Analysis of Ca2+ and Sr2+ activation characteristics in skinned muscle fibre preparations with different proportions of myofibrillar isoforms Academic Article uri icon


  • To understand how the coexistence of fast and slow contractile and regulatory systems within single skeletal muscle fibres might affect contractile behaviour, fibre segments from the fast-twitch extensor digitorum longus and predominantly slow-twitch soleus muscle of the adult rat were tied together, either in parallel or in series, and then activated in Ca(2+)- and Sr(2+)-buffered solutions. Experimental force-pCa and force-pSr relations were compared with theoretical force-pCa and force-pSr curves predicted by a model for composite fibres, which accounted for the coexistence of fast and slow myosin within the contractile unit and enabled an estimate to be made of the relative contribution of fast- and slow-twitch elements within the tied-fibre combinations. The contractile behaviour of a fast-twitch and a slow-twitch muscle fibre tied either in series or in parallel, were compared with the force-pCa and force-pSr data predicted from the composite fibre model. Interestingly, the resultant force-pCa(-pSr) curves of the parallel-tied fibre combinations were well fitted with those predicted by the composite model. However, the experimental force-pCa(-pSr) curves of the series-tied fibres were not well fitted by a composite curve based on the known proportion of fast- and slow-twitch fibre components. A total force-length diagram was devised to take into account changes in the length of the fibre segments tied in series during activation, as well as possible differences in fibre diameter. Using this diagram it was possible to explain accurately the Ca2+ and Sr2+ activation curves of known fast- and slow-twitch segments tied in series. The results from this study are important for the interpretation of contractile data obtained from single muscle fibres exhibiting mixed fast- and slow-twitch contractile characteristics. Such muscle fibres have previously been identified in animals affected by muscular diseases (e.g. dystrophy), in mammalian extraocular muscles and in animals subjected to long-term exercise training.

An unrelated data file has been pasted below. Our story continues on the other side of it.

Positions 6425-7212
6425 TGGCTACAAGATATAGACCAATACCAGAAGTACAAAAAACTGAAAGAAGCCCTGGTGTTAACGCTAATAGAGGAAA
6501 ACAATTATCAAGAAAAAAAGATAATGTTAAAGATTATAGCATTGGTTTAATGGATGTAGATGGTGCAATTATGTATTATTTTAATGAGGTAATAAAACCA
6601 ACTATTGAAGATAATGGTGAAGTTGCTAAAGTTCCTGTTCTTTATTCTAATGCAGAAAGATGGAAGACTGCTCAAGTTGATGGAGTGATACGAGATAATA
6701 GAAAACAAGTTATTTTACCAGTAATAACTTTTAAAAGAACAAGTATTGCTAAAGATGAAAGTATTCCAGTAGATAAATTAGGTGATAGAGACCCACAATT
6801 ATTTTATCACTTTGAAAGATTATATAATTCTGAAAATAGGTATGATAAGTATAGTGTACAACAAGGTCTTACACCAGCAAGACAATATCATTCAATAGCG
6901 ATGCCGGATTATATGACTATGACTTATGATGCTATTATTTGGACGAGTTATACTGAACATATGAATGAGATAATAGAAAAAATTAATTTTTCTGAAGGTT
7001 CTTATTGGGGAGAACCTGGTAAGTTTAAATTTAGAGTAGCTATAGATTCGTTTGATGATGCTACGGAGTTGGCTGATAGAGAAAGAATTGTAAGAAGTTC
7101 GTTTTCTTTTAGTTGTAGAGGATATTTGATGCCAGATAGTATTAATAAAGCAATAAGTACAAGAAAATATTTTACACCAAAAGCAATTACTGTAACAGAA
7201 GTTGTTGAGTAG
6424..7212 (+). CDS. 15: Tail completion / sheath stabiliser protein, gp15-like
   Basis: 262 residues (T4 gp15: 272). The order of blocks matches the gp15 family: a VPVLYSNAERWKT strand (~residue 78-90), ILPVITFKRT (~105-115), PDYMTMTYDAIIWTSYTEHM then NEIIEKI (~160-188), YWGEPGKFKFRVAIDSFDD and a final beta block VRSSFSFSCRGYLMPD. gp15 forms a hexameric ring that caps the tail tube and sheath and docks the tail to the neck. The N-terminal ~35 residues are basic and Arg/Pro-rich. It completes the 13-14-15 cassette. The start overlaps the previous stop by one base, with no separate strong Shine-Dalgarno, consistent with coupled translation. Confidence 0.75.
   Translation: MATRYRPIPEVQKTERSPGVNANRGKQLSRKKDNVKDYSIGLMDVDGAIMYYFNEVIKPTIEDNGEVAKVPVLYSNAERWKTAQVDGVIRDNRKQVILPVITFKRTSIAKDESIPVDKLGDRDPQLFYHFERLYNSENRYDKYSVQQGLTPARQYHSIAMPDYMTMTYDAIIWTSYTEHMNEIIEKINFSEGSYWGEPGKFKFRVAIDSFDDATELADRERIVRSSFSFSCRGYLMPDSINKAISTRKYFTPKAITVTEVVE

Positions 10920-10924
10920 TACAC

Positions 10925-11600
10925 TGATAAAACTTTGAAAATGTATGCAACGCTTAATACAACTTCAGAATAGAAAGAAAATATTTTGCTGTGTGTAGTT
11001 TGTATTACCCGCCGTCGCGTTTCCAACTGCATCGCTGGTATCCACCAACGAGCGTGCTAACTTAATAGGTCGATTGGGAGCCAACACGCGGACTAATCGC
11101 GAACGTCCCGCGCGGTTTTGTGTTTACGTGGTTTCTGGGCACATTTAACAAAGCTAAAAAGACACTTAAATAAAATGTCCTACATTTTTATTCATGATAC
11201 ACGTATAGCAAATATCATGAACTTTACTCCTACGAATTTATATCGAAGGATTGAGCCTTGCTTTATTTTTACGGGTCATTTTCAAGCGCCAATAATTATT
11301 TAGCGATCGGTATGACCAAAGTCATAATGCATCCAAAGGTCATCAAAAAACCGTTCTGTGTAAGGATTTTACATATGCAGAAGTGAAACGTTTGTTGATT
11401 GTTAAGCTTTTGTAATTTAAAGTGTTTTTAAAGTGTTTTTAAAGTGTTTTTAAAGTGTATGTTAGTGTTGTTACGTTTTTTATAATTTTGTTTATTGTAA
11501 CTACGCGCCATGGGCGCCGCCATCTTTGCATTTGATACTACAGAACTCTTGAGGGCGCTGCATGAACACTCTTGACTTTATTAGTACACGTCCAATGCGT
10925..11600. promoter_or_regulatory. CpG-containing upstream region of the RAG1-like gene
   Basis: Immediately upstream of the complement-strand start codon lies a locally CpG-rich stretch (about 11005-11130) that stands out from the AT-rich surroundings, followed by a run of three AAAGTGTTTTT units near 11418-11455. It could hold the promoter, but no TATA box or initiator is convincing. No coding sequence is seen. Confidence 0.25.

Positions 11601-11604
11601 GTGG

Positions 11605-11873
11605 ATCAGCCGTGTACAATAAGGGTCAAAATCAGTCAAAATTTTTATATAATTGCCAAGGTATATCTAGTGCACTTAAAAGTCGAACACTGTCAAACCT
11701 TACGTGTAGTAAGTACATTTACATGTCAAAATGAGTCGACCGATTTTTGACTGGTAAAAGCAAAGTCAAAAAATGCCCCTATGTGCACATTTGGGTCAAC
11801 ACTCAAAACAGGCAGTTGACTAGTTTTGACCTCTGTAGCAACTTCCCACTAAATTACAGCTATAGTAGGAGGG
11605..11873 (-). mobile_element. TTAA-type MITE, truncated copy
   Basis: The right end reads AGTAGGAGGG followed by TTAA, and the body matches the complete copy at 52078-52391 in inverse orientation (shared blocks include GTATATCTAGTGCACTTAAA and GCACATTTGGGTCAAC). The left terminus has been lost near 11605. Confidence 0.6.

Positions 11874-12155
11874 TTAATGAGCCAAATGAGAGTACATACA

publication date

  • February 1995